Community leaders form new coalition to unify communities with PFAS contamination

Community leaders form new coalition to unify communities with PFAS contamination


LANSING – Leaders from communities impacted by Per- and polyfluoroalkyl substances (PFAS) today held a virtual press conference to announce the launch of the Great Lakes PFAS Action Network, a new coalition led by impacted community members to create a unified voice for action on PFAS contamination. According to the state of Michigan, there are more than 11,000 potential PFAS sites in the state. PFAS chemicals have been detected in the drinking water of nearly 2 million Michiganders, and in every one of the Great Lakes.  

“PFAS contamination impacts people and communities across the entire Great Lakes region. It’s a growing crisis that requires urgent action, driven by those who know it best — the people who live with it and experience its consequences every day.” said Tony Spaniola, co-chair of Great Lakes PFAS Action Network, Oscoda homeowner and PFAS expert. “Our mission is to harness the collective resources, perspectives and expertise in PFAS-impacted communities and to bring once-marginalized people in those communities to the forefront of action on PFAS.” 

The Great Lakes PFAS Action Network is a coalition centered and driven by people impacted by toxic pollution. During the virtual press conference, community leaders laid out best practices for government and polluters responsible for contamination in engaging with communities. The best practices can be found at  

“I have seen first hand how contamination with these toxic chemicals have affected my community. The Great Lake PFAS Action network will be a great opportunity for communities to stand together,” said Sandy Wynn-Stelt, co-chair of Great Lakes PFAS Action Network, resident of Belmont whose water was contaminated by PFAS from Wolverine World Wide. “By coming together, we can show government agencies and decision-makers the importance of accountability, shared understanding and mutual respect in addressing this crisis.”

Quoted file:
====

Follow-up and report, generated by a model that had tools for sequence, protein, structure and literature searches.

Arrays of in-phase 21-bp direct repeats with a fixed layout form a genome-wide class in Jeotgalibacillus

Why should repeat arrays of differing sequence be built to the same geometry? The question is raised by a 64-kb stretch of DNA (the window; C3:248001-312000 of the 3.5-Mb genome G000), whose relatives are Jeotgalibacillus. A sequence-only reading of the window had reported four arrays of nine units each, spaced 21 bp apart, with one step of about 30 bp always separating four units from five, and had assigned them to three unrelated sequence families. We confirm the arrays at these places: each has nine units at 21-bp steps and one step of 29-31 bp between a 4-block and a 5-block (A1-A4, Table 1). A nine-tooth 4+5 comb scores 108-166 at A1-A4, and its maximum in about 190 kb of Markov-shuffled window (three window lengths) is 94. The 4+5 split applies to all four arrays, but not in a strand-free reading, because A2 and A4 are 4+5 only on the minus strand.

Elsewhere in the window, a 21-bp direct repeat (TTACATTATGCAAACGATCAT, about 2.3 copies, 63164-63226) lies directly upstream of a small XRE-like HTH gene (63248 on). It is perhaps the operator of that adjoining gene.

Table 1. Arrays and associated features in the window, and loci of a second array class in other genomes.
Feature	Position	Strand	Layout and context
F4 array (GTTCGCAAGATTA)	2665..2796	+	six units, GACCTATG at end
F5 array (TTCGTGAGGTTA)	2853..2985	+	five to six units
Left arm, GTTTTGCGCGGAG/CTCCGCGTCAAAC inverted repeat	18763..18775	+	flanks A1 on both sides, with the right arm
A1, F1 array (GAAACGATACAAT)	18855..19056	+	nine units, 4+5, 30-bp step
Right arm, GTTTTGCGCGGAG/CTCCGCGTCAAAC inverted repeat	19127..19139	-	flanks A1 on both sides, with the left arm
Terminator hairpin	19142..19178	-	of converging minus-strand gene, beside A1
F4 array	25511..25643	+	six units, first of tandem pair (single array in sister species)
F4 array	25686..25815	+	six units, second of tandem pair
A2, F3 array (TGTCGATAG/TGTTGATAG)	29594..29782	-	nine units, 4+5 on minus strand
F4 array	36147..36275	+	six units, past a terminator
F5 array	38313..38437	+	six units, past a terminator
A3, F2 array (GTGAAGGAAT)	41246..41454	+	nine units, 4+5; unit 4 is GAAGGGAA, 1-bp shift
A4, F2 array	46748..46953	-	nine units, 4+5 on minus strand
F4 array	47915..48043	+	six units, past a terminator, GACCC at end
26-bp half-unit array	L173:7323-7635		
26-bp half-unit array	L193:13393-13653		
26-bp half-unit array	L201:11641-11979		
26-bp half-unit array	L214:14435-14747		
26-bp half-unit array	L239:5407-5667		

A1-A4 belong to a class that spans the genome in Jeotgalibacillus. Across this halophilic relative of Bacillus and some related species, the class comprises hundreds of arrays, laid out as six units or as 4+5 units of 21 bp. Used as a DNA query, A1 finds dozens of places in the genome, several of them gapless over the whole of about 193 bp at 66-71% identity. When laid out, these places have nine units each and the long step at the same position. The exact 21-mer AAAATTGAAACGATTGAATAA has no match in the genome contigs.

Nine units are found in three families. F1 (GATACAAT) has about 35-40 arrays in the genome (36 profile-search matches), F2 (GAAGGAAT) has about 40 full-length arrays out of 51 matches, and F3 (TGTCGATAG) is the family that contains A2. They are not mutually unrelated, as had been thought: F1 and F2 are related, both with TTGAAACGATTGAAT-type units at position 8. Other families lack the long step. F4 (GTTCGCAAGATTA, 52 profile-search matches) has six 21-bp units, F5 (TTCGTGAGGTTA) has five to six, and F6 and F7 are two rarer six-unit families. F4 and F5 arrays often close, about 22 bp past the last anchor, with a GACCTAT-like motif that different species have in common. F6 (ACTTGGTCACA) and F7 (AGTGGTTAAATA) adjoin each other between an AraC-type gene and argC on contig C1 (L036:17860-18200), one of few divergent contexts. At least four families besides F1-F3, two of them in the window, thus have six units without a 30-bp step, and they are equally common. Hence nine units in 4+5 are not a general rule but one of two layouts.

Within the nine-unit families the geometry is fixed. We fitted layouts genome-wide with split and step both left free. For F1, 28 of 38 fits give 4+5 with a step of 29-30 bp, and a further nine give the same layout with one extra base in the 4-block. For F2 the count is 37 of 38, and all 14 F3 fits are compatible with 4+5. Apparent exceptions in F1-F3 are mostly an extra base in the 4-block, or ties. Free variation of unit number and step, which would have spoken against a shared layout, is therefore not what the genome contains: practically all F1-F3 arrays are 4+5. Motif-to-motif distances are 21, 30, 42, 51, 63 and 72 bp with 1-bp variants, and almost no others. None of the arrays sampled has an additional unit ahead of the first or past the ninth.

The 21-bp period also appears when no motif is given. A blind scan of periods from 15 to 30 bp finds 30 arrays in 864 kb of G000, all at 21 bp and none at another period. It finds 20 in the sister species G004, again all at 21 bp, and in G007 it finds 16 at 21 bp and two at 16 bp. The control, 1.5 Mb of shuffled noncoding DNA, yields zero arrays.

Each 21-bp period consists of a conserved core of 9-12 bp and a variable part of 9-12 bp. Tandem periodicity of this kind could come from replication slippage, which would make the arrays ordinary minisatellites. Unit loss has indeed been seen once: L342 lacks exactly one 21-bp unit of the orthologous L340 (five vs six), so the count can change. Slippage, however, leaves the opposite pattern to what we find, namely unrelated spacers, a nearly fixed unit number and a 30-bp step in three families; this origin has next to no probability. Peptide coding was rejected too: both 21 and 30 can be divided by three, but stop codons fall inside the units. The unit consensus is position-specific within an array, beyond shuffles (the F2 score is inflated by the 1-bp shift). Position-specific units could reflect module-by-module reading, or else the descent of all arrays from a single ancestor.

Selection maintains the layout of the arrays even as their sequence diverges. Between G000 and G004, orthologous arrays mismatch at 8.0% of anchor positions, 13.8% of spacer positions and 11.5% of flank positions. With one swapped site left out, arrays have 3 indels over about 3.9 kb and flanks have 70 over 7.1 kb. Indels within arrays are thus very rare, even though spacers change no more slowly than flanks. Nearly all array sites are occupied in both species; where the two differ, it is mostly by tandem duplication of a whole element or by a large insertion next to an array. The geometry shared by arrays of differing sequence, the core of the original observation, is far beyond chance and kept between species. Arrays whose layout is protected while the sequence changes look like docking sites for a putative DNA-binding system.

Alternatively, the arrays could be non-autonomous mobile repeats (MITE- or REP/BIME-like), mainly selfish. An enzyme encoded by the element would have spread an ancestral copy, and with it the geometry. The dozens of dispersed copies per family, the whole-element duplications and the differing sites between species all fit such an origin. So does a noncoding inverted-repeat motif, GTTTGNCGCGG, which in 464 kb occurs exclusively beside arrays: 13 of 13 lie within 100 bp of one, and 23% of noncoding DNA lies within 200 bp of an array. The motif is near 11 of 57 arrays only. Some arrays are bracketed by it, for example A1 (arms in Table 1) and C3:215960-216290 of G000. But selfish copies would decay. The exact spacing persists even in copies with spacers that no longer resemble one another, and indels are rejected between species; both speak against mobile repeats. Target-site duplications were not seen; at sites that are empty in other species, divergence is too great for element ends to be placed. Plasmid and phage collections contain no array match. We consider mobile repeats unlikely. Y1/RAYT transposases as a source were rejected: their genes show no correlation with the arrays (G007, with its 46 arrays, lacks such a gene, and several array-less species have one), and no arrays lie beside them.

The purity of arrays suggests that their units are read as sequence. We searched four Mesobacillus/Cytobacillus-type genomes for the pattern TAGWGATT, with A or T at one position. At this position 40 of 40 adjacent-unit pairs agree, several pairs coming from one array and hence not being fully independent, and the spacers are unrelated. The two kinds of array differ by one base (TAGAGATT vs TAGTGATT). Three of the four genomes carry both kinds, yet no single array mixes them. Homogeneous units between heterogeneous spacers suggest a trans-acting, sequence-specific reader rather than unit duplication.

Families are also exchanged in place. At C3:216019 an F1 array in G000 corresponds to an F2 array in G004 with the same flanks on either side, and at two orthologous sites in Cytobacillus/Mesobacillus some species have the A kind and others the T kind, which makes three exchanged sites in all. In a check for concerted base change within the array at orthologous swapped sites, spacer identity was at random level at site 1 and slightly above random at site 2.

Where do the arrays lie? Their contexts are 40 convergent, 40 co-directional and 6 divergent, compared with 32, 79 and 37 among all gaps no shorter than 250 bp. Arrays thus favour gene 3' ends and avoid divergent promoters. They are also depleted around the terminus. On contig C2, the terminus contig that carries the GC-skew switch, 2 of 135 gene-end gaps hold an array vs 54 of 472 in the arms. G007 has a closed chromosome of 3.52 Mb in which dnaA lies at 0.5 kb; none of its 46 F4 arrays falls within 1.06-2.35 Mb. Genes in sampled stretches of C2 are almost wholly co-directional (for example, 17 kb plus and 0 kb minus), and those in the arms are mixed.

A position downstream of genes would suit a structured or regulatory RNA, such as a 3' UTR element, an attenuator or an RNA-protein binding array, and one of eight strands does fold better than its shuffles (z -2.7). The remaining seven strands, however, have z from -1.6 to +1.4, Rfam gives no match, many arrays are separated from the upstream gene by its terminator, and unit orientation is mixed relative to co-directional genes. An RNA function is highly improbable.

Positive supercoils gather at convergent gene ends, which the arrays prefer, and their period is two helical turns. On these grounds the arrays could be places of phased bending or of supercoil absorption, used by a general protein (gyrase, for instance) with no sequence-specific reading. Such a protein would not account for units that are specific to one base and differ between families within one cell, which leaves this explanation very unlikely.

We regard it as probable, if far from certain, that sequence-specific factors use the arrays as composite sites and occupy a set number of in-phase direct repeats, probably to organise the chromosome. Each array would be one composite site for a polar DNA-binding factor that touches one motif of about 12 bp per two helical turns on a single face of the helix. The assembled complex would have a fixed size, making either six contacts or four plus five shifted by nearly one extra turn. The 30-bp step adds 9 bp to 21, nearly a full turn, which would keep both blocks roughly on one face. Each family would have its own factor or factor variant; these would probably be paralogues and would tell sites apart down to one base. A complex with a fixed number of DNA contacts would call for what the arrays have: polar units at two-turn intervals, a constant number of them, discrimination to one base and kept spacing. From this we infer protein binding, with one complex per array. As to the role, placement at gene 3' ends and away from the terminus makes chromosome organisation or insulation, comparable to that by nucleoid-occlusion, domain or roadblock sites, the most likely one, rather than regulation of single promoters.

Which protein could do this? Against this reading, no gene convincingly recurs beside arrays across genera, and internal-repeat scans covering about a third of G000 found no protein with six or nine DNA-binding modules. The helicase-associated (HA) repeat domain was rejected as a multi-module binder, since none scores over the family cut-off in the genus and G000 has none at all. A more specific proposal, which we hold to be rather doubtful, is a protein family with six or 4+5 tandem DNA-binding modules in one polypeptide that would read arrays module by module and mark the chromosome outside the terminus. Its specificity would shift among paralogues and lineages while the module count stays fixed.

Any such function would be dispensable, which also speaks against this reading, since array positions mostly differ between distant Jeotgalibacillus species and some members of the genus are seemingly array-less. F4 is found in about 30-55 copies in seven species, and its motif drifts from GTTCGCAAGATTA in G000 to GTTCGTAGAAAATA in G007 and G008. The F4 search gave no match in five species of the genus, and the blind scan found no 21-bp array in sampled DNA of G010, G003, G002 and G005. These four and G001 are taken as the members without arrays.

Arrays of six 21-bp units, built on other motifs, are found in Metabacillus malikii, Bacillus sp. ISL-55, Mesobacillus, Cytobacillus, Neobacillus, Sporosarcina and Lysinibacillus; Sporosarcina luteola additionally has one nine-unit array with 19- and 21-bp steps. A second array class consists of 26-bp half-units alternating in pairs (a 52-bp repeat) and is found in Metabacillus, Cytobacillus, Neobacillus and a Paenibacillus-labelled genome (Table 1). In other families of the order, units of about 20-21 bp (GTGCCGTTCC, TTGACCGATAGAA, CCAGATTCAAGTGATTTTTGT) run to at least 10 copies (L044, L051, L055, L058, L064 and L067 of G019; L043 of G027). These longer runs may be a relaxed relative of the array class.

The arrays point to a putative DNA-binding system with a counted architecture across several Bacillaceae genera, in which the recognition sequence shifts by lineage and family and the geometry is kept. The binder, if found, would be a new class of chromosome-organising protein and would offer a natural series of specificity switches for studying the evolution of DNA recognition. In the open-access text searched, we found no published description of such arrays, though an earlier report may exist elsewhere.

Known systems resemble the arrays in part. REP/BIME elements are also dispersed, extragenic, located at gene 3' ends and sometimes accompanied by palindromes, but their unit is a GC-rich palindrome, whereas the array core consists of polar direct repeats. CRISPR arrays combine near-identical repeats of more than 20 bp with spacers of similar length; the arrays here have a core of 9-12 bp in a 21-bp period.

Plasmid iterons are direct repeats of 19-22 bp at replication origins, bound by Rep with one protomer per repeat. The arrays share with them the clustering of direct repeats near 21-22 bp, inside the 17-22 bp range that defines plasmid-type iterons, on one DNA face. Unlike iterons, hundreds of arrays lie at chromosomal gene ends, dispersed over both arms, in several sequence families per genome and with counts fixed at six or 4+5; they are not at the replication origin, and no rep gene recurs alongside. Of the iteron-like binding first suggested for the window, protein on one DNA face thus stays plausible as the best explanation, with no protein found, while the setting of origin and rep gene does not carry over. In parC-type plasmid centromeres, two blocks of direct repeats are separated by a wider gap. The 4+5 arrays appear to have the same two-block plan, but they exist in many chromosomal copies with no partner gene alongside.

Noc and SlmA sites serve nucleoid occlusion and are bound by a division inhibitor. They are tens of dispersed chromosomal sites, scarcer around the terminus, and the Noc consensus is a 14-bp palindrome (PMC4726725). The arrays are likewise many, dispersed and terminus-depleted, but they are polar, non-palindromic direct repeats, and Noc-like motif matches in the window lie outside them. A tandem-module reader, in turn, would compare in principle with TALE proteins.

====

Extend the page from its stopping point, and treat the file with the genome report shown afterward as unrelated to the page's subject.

“I’m relieved and proud to stand by these other community leaders as we come together to ensure our federal and state leaders act now to clean up PFAS contamination in our water, land, air and wildlife and aid and care for the health of impacted victims of PFAS exposure – here in Michigan and the Great Lakes region,” said Cathy Wusterbarth, co-leader of Need Our Water (NOW), Oscoda. 

Over the coming months, the Great Lakes PFAS Action Network will continue growing the organization by recruiting additional community partners. It will also unveil a PFAS Action Agenda, which will include policy recommendations developed and led by impacted communities for addressing PFAS contamination in the Legislature.  

“I have been working on improving air quality in my community for many years, working to hold corporate polluters like AK Steel accountable for the pollution they emit into our air in Dearborn,” said Salah Ali, community leader from Dearborn. “As PFAS has impacted my community in Dearborn, we must find solutions to protect the health of our community and our water. I’m joining the PFAS Action Network to bring my perspective and work together to clean up this toxic contamination.”  

“My community in Ann Arbor has grappled with PFAS contamination stemming from the Huron River for years,” said Robb Kerr, community leader from Ann Arbor. “It is critical as we address this crisis that impacted communities have a seat at the table. Working together we are committed to working with local, state and federal leaders to ensure PFAS contamination is addressed with the urgency it deserves.” 

Information about the PFAS Action Network can be found at their website: The Great Lakes PFAS Action Network is actively recruiting additional community leaders. Those who are interested should visit this link and fill out the contact form.

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